Training Is Key to Building Winning Culture|
To create a winning culture, supervisors must communicate expectations, motivate others to do their jobs and believe their employees can succeed, said Sam Caldwell at the “Training for Success” NIH Employee Training Conference held recently in Bldg. 45.
“Unfortunately, most people don’t appreciate good leadership until they start experiencing bad leadership,” said Caldwell, athletic director and varsity girls basketball coach at New Hope Academy in Landover Hills, Md.
In 2005, he was hired to be head coach for the All-Navy basketball team. All-Navy teams are part of the Department of Defense’s sports program. Players compete in the Armed Forces sports championships against teams from the Marine Corps, Army, Air Force and Coast Guard.
The Navy team hadn’t won a championship since 1990, so Caldwell was under pressure to succeed right away. His supervisors thought his background as a former player positioned him for success.
Before he was hired, previous coaches would select 12 players on the basis of their applications. Caldwell knew he couldn’t identify winning players by reading about their qualifications. He held 5 regional, 2-day mini-camps so he could observe players’ work ethic, attitude and body language.
After the mini-camps, he invited 30 players to participate in a training camp. He then selected 12 players to be part of the team. From the previous year’s squad, he cut all but one player.
He hired an assistant coach with experience coaching in DoD’s sports program. The coach asked what Caldwell’s goal for the year was. He replied, “My goal for this year is to win a championship.” The coach began laughing so hard he almost fell out of his chair. He thought Caldwell didn’t select experienced players.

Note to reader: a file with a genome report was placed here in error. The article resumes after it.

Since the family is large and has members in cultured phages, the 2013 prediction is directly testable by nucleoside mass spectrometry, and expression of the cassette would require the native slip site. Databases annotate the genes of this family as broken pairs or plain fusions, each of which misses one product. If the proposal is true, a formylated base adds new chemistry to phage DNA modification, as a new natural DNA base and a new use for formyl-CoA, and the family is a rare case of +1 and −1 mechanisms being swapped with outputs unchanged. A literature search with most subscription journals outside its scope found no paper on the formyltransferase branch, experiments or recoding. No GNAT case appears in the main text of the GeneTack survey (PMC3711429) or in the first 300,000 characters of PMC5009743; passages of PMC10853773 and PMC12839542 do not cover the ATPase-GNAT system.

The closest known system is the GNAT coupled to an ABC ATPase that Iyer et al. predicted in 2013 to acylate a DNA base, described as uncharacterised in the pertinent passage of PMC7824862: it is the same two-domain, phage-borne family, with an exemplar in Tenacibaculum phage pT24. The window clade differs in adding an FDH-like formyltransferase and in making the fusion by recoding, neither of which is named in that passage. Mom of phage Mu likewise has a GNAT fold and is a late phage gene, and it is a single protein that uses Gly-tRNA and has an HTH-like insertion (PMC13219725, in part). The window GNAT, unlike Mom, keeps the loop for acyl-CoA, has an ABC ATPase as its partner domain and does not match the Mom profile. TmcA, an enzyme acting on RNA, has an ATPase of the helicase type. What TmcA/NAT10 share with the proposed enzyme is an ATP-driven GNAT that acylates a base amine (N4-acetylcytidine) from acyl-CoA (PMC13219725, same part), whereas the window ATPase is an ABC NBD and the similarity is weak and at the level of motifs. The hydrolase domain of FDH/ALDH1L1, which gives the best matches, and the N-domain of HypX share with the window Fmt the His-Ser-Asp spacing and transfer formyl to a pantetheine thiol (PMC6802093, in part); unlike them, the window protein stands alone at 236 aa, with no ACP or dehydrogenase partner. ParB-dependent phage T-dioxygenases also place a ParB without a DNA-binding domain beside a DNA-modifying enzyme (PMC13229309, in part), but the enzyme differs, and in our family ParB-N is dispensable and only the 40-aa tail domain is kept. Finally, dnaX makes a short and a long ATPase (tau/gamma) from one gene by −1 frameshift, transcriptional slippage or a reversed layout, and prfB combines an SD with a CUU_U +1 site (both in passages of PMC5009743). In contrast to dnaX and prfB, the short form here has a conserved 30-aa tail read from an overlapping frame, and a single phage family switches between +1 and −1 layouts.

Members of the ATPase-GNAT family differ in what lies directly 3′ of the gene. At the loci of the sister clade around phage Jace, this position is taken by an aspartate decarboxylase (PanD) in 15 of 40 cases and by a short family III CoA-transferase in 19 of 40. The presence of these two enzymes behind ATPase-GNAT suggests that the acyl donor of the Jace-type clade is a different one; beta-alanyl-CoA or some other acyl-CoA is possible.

Caldwell fired him on the spot because the assistant believed the team couldn’t win. If coaches don’t believe they can win, players won’t believe they can win, either.
“He couldn’t see that I wasn’t looking for playing experience. I was looking for attributes of winners—guys who had an opportunity to win something before, who would do anything to play at this level or who suffered an injury and were coming back and wanting an opportunity to play and compete at a high level,” Caldwell said.
He demanded a lot from his best players. He reasoned that if the best players put in the most effort, the other players would follow. That’s exactly what happened. The team, for example, began to show up to practice earlier than their coach. They went on to win the championship by 20 points.
In his current position as varsity girls’ basketball coach, Caldwell tells his players that “no one is going to work harder or have more fun than us.” He doesn’t hide that he wants to be the best. “Somebody has to be number one. Might as well be me,” he said.
He believes success is a process that can be repeated. “That’s why you can take a CEO and they can go anywhere and build an organization from the ground up. They can go and make a place better because they know what winning looks like,” he added.
The conference was hosted by the trans-NIH training conference committee. Attendees learned best practices and next practices in training activities and initiatives. The event also included a plenary session, breakout sessions and an exhibition of NIH training groups.